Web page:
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28 Charter I September 2011
The risk oversight function of the board
of directors has never been more critical
and challenging than it is today. In the
context of the recovering global fnancial
crisis and the convalescing global economy,
companies now face risks that are more
complex, interconnected and potentially
devastating than ever before.
But what exactly is the proper role of the
board in corporate risk management? The
board cannot and should not be involved
in actual day-to-day risk management.
Directors should instead, through their risk
oversight role, question the risk management
processes designed and implemented by
executives and risk managers and ensure
adaptability to the board’s corporate strategy.
Directors have always been rightly
perceived as the custodians of shareholder
value. However, in the past fve years several
dramatic events have occurred in the fnancial
world which have called for directors to
become more profcient in issues of valuation.
Three areas in which directors’ exposure
to valuation risk have arisen are evolving
regulation, changing corporate balance sheets
and increasing fnancial market volatility.
As a result of changes to the way mergers
and acquisitions are recorded, the way
fnancial instruments and intangible assets
are carried in fnancial statements and the
way expenditures are recognised in relation
to share-based payments, directors are
required to form an annual view.
The increasing exposure in fnancial
statements and tax returns to business
valuation judgements changes directors’
responsibilities in a profound manner.
These responsibilities essentially have
moved from a faithful recording of the
past (as has been the case since the time
Pacioli frst invented modern accounting) to
the reasonableness of their estimates (as
encompassed in the numerous business
valuations required) of the future.
Business Valuation Special Interest
Groups are established across Australia,
providing education, networking and
updates on business valuation processes.
You can join the Business Valuation
Special Interest Group by making the
appropriate selection on the annual
Institute member subscription form,
which was sent out in early June. Online
subscription to the group is also available.
Subscription to the group is
open to anyone. For details visit
The risk oversight function of a board of
directors has changed radically in the
wake of the GFC.
Story Kamini Rambausek
making sure risk
As a trusted advisor, it is critical to
get the right inputs when conducting
business valuations. Members can
use this interactive two-day workshop
to familiarise with the fundamentals of
valuing a business and understand the
relative strengths of different valuation
methodologies. The workshops will be
held in major cities across the country in
October and November 2011.
For more information, visit
CHANGING BALANCE SHEETS
During the economic boom of the late
2000s, a number of transactions were
undertaken, often at historically high
prices. Consequentially, a large amount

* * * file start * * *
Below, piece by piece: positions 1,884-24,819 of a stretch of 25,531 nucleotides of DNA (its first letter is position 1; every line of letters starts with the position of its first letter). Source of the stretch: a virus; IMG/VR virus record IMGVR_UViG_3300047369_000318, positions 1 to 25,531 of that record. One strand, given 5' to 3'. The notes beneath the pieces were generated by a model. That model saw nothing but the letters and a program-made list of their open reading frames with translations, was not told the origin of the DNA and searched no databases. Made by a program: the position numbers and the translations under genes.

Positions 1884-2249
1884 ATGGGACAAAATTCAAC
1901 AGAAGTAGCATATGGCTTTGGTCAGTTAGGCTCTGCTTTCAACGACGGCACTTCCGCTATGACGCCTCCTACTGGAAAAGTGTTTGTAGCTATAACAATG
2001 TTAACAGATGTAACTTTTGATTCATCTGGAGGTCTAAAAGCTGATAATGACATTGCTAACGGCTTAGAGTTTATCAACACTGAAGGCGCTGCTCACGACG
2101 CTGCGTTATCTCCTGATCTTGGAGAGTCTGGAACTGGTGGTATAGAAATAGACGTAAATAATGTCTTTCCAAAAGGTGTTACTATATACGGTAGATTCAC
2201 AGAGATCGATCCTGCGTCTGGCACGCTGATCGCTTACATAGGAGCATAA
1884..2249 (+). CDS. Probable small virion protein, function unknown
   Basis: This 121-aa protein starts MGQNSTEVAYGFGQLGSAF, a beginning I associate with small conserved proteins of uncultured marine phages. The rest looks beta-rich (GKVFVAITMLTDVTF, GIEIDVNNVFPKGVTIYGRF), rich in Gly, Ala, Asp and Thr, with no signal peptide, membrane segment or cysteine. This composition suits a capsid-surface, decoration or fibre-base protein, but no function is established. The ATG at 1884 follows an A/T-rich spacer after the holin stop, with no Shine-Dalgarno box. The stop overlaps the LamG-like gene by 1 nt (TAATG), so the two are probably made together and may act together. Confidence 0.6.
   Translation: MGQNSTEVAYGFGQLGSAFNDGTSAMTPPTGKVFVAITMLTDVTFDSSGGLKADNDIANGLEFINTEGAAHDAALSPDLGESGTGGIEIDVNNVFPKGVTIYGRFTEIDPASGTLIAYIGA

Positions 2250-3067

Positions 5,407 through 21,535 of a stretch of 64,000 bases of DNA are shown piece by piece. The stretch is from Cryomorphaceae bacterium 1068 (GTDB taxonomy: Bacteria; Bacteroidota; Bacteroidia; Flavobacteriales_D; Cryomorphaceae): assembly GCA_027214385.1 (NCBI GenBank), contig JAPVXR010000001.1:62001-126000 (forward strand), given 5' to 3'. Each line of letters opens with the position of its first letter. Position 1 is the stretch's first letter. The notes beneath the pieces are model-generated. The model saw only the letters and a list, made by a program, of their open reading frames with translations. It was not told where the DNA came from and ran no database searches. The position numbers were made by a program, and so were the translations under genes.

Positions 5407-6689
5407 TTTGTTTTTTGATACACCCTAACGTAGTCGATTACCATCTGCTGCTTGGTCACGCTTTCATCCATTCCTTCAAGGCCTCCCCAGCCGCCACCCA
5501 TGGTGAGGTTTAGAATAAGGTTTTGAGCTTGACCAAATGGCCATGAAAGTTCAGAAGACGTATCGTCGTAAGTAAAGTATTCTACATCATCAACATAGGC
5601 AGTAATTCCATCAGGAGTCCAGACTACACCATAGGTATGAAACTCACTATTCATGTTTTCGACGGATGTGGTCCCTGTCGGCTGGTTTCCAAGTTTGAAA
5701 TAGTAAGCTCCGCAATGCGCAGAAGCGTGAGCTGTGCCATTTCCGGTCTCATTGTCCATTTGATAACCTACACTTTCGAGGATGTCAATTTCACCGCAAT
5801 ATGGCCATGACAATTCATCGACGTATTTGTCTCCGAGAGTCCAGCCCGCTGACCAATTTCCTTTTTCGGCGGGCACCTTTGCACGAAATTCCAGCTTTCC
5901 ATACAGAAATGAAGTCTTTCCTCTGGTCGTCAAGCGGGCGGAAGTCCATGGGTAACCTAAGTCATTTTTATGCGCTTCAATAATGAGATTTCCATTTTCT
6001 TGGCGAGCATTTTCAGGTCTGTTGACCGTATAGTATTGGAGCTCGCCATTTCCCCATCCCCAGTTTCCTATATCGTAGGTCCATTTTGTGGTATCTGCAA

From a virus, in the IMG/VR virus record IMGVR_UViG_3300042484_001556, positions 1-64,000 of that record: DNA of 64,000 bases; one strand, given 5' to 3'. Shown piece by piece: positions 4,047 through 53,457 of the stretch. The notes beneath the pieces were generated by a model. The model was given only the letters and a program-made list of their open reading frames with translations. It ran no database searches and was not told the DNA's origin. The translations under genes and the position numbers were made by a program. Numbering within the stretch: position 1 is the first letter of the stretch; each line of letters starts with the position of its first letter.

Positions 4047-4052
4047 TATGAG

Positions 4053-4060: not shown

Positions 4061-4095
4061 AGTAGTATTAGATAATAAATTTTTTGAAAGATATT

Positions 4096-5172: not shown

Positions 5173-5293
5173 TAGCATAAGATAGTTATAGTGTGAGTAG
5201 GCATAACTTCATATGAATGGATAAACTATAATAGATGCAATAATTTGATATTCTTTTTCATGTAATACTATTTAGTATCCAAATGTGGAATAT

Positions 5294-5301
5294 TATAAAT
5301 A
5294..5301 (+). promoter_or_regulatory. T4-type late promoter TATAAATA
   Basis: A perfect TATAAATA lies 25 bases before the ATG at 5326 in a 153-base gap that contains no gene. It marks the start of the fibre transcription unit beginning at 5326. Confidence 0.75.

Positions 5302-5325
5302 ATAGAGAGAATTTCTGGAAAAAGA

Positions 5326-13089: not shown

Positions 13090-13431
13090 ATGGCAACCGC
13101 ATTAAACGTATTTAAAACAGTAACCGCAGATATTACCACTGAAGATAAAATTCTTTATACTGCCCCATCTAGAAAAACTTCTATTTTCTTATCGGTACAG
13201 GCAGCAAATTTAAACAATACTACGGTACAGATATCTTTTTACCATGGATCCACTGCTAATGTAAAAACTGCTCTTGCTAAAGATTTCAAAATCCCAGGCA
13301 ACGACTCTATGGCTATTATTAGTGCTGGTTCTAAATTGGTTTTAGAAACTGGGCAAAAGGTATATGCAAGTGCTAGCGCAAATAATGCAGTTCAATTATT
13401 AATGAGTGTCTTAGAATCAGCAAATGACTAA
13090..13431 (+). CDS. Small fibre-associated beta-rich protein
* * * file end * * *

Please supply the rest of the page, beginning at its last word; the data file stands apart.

of goodwill was recorded on the balance
sheet of many acquirers. For this reason,
as well as the increasing focus on non-
tangible components of strategic advantage,
intangible assets have increasingly made up
a signifcant part of the value of all Australian
industry sectors over the last 10 years.
On the other hand, there have been
a number of distressed acquisitions in
the aftermath of the GFC as companies
were focusing on maintaining liquidity
and managing funding. As a result, many
companies recorded a write-down of
goodwill and assets as market values of
companies and assets declined dramatically.
INCREASED MARKET VOLATILITY
The asset price volatility of the ASX 200
industry sector over the past 10 years
has increased almost threefold. This
means that viewing value as a stable and
relatively unchanging number over time
has now become a dangerously outdated
assumption. This increases directors’
exposure to hindsight observations in respect
of their business valuation judgements.
GUIDANCE FOR DIRECTORS
With valuation being a fundamental skill and
a challenging aspect of today’s corporate
landscape, the Institute has developed a
new thought leadership publication, as part
of a series of audit committee guides, called
Concise Guide to Managing Valuation Risk.
The guide provides information to assess the
board’s exposure to valuation risk, evaluate
the board’s expertise to deal with valuation
issues, and perform appropriate due
diligence when addressing questions around
The pervasiveness of valuation issues in all
aspects of an organisation creates reputational
and legislative risks for directors. To illustrate
this, the guide provides some useful questions
for directors based on valuation principles.
How do we assess pricing and return
on capital? How should we value capital
employed? What valuation techniques do we
adopt to measure remuneration?
A certain level of expertise needs to
exist around the board table (in particular a
complex interrelated set of fnancial skills and
business acumen). The guide explores the
skills needed and provides a list of questions
directors can ask to help them understand
the level of expertise inherent within the
organisation to deal with issues of value.
To download a copy of the guide,
go to charteredaccountants.com.au/
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